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Sunday, June 24, 2012

Sunday Morning News and Views


Your credit card may have been hijacked by a gas station theft ring.A California man has been convicted in Texas for participating in a multi-state theft ring that used illegal skimmers at gas stations to steal 38,000 debit and credit card numbers -- then siphon $100,000 from bank accounts. Aleksandr Goukasian, of Los Angeles, faces up to life in prison when he's sentenced at a later date. He was convicted Friday of  four counts of unlawful possession of an electronic intercept device. He also was convicted of one count each of unlawful use of electronic communications, engaging in organized criminal activity and fraudulently possessing or using identifying information. Prosecutors in Fort Worth showed evidence that Goukasian's theft ring planted skimmers -- homemade electronic devices intercepting credit card information -- inside gas pumps in California, Las Vegas, Dallas, Fort Worth and Houston.


Las Vegas is about to mark the opening of a $2.4 billion airport terminal that officials are hoping will help lift the southern Nevada economy from the depths of the Great Recession. McCarran International Airport chief Randall Walker calls Terminal 3 crucial to serving tourists from the U.S. and Britain, plus places like South Korea, the Philippines, Amsterdam and Berlin. Opening day is Wednesday, and the second overseas arrival will be an inaugural Copa Airlines nonstop from Panama City. The first full day of operations will be Thursday. Gleaming and glassy T3 adds 14 gates and an eight-story parking structure to an airport currently ranked as the eighth-busiest in the U.S. and 23nd busiest worldwide by passenger volume. Walker says the project came in on time and on budget.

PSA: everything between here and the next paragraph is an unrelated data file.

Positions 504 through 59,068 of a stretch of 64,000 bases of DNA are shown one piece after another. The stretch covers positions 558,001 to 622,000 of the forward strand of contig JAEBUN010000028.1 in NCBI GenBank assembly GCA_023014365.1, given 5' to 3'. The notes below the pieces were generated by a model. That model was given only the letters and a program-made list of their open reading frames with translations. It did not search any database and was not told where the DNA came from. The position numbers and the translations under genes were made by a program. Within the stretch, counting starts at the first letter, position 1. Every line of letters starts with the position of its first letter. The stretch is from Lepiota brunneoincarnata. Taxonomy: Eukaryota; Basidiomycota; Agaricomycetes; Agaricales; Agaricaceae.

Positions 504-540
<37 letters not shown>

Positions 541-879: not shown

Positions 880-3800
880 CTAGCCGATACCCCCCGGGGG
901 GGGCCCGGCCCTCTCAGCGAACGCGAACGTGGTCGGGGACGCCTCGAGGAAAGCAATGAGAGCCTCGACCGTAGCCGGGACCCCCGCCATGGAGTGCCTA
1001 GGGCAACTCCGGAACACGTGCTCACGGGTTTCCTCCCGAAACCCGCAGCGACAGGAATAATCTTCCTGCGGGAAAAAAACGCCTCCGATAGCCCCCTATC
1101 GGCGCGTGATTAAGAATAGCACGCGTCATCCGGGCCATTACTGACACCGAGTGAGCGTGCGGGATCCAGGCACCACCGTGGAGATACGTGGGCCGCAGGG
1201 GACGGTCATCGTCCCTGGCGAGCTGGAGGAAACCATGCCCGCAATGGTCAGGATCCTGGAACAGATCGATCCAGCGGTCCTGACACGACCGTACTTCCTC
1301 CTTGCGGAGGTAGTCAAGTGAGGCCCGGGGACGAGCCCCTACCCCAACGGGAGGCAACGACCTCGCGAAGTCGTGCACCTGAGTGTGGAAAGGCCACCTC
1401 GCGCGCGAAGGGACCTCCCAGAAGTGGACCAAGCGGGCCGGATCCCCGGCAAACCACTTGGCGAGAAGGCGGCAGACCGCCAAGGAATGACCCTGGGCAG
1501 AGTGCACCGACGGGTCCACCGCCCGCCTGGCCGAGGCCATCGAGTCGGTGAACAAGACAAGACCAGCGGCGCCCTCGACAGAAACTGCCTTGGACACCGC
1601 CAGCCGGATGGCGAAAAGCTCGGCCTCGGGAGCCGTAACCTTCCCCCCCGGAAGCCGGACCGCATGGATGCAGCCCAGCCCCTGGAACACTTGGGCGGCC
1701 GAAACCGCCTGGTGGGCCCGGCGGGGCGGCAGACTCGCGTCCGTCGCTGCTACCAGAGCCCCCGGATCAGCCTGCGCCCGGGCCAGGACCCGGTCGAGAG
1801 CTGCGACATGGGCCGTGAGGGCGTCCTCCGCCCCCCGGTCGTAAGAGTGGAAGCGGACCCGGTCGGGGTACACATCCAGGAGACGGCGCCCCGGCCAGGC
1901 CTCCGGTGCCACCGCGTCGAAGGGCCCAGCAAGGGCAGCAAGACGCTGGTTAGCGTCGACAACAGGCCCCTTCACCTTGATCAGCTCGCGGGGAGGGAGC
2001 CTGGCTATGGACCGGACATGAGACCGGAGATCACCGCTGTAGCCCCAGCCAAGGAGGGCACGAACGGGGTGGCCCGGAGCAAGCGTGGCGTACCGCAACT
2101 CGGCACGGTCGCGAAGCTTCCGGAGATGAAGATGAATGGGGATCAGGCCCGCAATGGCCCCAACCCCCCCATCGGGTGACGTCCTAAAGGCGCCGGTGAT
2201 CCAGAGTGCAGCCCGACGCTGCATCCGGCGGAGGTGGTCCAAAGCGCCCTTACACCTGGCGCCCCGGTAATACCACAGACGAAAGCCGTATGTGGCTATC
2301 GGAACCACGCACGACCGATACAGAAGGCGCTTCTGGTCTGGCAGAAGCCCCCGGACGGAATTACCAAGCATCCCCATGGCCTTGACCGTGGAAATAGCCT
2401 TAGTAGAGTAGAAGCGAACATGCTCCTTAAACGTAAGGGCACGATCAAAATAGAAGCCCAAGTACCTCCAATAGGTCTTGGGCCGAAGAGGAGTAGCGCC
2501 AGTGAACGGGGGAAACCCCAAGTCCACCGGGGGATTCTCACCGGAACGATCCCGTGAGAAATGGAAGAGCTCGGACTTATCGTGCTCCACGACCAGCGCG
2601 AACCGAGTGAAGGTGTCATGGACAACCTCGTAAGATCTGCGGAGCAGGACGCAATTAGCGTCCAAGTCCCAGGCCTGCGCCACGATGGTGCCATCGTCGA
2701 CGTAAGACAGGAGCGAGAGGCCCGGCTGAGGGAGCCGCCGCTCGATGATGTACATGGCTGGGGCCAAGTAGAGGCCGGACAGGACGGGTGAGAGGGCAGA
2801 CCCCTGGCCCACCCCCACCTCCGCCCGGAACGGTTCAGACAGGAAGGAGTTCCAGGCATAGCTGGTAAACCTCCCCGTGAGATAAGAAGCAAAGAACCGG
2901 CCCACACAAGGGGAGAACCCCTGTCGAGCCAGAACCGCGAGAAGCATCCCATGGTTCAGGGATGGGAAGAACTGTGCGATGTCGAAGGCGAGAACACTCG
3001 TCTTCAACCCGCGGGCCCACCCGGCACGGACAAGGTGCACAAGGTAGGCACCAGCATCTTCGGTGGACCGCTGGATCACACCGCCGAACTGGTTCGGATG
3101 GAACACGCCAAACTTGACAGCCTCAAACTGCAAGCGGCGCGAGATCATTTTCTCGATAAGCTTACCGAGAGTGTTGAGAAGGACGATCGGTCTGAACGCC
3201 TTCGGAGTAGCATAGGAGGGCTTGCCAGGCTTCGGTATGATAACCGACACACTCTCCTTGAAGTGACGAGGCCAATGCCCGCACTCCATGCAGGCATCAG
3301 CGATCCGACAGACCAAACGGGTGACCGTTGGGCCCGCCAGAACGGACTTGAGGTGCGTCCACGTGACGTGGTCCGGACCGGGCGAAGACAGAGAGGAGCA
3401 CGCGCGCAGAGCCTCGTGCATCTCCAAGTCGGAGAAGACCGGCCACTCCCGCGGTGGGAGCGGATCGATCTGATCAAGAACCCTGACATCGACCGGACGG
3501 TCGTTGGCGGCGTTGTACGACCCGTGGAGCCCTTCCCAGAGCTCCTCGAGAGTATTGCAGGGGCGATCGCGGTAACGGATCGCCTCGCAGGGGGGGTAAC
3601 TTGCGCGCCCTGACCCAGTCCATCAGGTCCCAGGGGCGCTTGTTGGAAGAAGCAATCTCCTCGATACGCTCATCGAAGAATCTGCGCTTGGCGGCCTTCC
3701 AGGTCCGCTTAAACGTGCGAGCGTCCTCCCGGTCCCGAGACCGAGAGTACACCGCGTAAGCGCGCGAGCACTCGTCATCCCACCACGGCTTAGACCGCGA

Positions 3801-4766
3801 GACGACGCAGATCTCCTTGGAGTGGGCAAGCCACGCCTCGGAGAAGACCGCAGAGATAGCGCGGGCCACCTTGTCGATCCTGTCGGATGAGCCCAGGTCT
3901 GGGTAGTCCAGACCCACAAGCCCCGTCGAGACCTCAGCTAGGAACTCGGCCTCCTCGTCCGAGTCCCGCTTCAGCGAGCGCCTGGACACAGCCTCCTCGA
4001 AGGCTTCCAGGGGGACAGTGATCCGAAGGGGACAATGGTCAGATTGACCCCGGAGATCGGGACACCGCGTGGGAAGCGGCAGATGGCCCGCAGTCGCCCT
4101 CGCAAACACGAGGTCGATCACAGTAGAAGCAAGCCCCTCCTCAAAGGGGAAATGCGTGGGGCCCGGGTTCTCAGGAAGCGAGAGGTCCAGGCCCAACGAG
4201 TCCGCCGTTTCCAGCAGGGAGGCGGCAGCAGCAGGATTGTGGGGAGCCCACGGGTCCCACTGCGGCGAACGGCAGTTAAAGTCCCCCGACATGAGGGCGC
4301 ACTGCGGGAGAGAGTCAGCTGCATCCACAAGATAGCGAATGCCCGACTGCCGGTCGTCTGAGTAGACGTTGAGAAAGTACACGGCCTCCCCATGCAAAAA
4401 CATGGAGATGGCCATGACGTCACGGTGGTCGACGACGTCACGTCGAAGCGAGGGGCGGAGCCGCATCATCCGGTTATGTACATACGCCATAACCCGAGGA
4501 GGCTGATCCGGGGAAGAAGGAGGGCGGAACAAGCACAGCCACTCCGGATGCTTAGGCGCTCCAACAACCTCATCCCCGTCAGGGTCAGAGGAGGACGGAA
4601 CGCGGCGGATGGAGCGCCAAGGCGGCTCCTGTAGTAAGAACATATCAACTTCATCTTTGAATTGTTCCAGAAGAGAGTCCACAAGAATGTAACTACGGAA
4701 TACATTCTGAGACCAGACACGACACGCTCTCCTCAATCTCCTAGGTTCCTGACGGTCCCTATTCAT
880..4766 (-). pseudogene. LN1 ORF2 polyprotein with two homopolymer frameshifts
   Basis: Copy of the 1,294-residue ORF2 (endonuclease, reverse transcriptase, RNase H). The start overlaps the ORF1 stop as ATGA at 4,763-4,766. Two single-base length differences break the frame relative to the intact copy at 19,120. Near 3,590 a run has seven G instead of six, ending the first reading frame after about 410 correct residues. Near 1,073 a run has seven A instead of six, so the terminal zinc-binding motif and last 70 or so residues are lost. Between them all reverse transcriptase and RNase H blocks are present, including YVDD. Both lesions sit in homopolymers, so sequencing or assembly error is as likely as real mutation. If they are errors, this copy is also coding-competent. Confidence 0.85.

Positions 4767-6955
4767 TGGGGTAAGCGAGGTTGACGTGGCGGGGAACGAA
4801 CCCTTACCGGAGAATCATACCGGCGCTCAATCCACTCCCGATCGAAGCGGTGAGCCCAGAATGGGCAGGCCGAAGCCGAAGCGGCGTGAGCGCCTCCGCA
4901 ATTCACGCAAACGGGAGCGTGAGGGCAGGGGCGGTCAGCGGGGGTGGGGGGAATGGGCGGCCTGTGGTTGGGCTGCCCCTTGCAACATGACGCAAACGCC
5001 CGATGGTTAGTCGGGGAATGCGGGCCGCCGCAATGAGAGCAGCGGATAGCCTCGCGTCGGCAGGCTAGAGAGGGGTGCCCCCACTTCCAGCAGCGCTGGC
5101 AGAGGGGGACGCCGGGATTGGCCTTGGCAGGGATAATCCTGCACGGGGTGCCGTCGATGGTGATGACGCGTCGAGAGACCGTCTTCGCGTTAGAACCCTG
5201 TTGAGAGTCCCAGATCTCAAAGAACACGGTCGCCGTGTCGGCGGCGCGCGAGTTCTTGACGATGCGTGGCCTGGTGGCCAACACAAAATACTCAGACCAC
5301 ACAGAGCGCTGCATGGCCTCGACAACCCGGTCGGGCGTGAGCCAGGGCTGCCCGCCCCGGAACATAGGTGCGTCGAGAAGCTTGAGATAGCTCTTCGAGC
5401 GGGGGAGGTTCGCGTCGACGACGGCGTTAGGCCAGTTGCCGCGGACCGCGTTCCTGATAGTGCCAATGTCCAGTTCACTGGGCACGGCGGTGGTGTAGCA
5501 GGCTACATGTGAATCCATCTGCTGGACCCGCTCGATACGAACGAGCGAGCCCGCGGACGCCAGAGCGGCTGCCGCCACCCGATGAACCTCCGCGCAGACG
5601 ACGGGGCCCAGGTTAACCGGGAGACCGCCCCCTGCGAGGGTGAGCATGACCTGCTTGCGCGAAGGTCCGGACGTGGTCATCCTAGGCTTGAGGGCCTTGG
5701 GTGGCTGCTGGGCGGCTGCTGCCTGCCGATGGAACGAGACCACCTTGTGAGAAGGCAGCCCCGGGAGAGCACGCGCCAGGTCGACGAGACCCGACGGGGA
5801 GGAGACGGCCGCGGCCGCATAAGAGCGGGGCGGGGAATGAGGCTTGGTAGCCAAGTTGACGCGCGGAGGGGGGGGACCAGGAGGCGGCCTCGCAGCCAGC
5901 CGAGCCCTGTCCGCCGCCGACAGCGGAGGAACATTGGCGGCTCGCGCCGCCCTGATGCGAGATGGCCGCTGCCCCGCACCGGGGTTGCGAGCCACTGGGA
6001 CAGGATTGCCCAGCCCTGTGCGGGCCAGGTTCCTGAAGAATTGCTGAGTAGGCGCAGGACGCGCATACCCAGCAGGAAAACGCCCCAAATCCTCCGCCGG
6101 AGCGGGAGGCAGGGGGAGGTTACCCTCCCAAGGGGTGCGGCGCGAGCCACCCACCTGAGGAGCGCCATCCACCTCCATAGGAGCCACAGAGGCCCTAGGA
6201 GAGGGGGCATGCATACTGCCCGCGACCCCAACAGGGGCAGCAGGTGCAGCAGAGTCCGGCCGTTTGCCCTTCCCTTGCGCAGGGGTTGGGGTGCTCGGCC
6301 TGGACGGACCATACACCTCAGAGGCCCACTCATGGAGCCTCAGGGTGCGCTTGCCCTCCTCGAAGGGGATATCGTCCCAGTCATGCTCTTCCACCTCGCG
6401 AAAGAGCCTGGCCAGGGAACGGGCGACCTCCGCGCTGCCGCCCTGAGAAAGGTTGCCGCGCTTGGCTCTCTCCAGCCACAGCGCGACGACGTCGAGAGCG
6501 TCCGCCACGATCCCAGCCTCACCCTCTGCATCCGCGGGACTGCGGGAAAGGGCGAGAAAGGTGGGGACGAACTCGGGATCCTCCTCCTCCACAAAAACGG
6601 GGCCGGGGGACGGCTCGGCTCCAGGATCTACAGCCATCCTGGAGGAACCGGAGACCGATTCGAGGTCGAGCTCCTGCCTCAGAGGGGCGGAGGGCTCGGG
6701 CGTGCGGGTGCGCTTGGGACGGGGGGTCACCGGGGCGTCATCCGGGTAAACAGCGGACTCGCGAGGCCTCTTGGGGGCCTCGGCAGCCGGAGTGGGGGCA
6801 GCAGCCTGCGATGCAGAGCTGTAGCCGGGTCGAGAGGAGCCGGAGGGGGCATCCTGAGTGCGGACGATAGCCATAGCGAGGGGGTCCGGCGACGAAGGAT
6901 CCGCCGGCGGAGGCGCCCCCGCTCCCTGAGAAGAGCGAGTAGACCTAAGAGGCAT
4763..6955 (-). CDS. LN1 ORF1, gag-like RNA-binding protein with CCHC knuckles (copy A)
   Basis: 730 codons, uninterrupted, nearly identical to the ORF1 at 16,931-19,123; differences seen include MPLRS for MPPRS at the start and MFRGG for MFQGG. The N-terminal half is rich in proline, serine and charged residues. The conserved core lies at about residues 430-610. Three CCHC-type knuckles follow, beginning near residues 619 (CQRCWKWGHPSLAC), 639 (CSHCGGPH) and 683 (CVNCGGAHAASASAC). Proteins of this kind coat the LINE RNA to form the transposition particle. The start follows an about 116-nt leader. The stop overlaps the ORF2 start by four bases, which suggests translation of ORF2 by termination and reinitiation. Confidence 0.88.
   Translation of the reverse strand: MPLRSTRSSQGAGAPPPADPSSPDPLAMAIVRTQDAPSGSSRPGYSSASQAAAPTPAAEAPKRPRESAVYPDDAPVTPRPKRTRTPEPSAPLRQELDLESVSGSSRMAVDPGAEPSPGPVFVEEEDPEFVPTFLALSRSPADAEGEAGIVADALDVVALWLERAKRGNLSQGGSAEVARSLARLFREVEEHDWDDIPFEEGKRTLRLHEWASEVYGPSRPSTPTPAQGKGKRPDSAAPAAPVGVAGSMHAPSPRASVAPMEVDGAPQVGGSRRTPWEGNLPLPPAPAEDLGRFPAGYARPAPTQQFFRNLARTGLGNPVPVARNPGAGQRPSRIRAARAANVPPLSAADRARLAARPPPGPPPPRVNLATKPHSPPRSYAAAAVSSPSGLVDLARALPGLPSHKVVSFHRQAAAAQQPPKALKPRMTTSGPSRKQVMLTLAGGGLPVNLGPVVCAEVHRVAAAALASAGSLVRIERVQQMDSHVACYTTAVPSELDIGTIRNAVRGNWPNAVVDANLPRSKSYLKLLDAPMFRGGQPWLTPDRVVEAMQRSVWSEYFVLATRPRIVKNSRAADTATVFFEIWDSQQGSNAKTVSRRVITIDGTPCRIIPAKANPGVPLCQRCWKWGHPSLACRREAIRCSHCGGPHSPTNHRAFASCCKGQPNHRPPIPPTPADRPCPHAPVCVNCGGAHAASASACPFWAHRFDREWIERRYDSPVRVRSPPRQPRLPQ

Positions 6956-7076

Arizona has put an end to a controversial  high school Mexican American studies program it considered divisive. Advocates claim it gave students a valuable and more clear eyed perspective on traditional subjects of study. Traditional studies of heritage countries and cultures have been mounted in ethnic communities across the country, including German and Italian in those immigrant communities.


Has America become the best country money can buy? Governor Romney leads Obama in campaign fundraising, not counting his five to one advantage in Superfund PAC funds.Romney held a high level private fundraiser in Utah last night.


On Tuesday, Utah Senator Orrin Hatch, a six-term Republican, faces the first primary contest of his Senate career. His challenger, former state Senator Dan Liljenquist , was just two years old when Hatch was elected to the Senate in 1976. Liljenquist hopes to capitalize on an anti-incumbent climate that led to the defeat of Indiana Senator Richard Lugar in a primary last month.